I Love Dick by Chris Kraus has been getting a lot of press lately. Apparently it’s about to be made into a series, too.
It sounded interesting: a semi-autobiographical work of feminist literature in which the author wasn’t afraid to portray herself as a problematic protagonist. Plus, references to Kierkegaard and Artaud. With that on the menu, there was no way I wasn’t going to like it, right?
I settled down with a mug of coffee and a notebook on hand to write my impressions down, and I dug in.
It started out OK. I didn’t love it, but I didn’t hate it either. But as the book wore on, I found myself disliking the protagonist more and more. There’s a reason why this book has a recommendation from Lena Dunham on the cover, I thought.
There were several problems with it, most of which I talked through with my friend, who’d loaned me the book.
The first was that I didn’t care about any of the people in the story. This despite me generally being someone who’ll get invested even in complex and slightly annoying characters; but the people in I Love Dick are just… irritating? There’s not enough going on with them to make them interesting, so instead you’re just left with a feeling of mild irritation all the way through. I stuck with it though. It’s a great feminist novel, right? It has to get better.
The next problem was that it sounded like the author was trying to be more intellectual than she is. She kept talking about how men thought she wasn’t very educated when she was actually one of the most well-read people she knew, but almost every reference in the book made me think she probably hadn’t come to an independent conclusion. Her thoughts on Kierkegaard’s third remove, for example, sound like she’s read a theatre book that’s mentioned this a couple of times, and has decided to slightly reword what she’s read to make herself sound clever, without actually having read Kierkegaard’s work.
I had the same problem with what she had to say about Artaud: it’s been years since I read him, but I did read him, and I don’t think Kraus gets what he’s trying to do. It is of course completely possible that she’s got the right end of the stick here and I’ve got the wrong one. As a Kierkegaard scholar I think that’s less likely with him, but I’ll admit that my knowledge of Artaud is sketchy and about twelve years old, so perhaps I’m just remembering his ideas incorrectly.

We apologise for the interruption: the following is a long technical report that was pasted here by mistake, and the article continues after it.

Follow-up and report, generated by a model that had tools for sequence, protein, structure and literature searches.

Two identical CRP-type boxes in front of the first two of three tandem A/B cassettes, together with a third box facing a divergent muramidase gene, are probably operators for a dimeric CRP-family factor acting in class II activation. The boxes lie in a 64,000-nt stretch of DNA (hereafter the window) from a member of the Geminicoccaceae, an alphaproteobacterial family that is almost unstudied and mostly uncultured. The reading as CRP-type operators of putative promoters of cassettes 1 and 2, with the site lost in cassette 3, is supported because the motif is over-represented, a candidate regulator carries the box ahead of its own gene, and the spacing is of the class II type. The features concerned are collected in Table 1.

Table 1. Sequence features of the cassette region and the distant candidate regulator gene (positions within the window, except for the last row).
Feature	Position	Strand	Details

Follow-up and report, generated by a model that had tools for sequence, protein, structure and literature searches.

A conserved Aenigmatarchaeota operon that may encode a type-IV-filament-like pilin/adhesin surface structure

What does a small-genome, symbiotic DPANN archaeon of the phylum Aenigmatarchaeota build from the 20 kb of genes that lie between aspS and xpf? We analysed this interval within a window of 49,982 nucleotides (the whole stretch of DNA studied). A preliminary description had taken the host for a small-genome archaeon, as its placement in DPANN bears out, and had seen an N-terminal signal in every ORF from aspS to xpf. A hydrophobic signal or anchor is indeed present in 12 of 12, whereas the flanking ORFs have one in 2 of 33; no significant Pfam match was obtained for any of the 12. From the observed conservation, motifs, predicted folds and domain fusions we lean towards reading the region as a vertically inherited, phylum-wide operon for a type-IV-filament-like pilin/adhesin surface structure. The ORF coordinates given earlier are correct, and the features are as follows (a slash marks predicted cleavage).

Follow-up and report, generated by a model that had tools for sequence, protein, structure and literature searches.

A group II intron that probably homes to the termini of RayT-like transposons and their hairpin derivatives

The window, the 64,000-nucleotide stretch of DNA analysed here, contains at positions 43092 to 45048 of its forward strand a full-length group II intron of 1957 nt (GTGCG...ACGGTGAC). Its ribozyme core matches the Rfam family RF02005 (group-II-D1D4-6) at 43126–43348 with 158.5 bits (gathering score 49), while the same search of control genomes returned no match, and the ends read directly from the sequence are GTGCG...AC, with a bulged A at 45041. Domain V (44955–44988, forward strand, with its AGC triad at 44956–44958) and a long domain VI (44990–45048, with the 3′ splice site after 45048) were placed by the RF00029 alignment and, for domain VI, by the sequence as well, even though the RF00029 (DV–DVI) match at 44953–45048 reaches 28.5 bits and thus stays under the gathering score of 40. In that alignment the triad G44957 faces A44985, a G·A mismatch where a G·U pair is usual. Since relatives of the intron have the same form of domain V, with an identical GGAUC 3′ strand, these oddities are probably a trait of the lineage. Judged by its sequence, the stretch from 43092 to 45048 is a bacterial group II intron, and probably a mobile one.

(See how easy it is to admit you haven’t read something in a while, or that you might not be understanding it properly?)
Beyond Kierkegaard and Artaud, a lot of the points Kraus made seemed to be there so she could go “oh wow look how deep I am” when in fact I don’t think she said anything especially deep or new. In a couple of places she actually mentions how she and her husband are “so well-read” which had the same impact on me as when I see things marked “quality!!!” at the supermarket: if the product were of a high quality, you wouldn’t have to scream it out. True quality, true intelligence, true literacy, speak for themselves.
Kraus didn’t explain most of her references, either, just leaving them dangling in the text like intellectual bait. This had the dual effect of irritating me because it sounded like she didn’t know what she was talking about, and making me wonder if she wanted to make her audience feel inferior. To quote the WhatsApp I sent to my friend:
If you genuinely want to make some interesting points and engage your audience then, while you have to draw the line somewhere, it makes sense to explain some of your references. Unless you’re putting a book out as “this is based on Kierkegaard and Artaud so if you haven’t read them you won’t like it” then you should as a bare minimum discuss which specific quotes or ideas you’re talking about, otherwise it’s the academic equivalent of name-dropping.
One of the things its fans are saying is that I Love Dick provides a feminist view of female sexuality. I didn’t even think it did that. Beyond being a woman with a sex drive – something we see in many novels nowadays – Kraus wasn’t noticeably feminist in her discussions about sexuality. In fact my friend pointed out that the book would fail the Bechdel test, since the whole thing is just a woman mooning over a man she’s infatuated with.
On page 139 – so quite far into the book – I finally realised why people have been calling it ‘feminist’ even though I disagree. Kraus writes: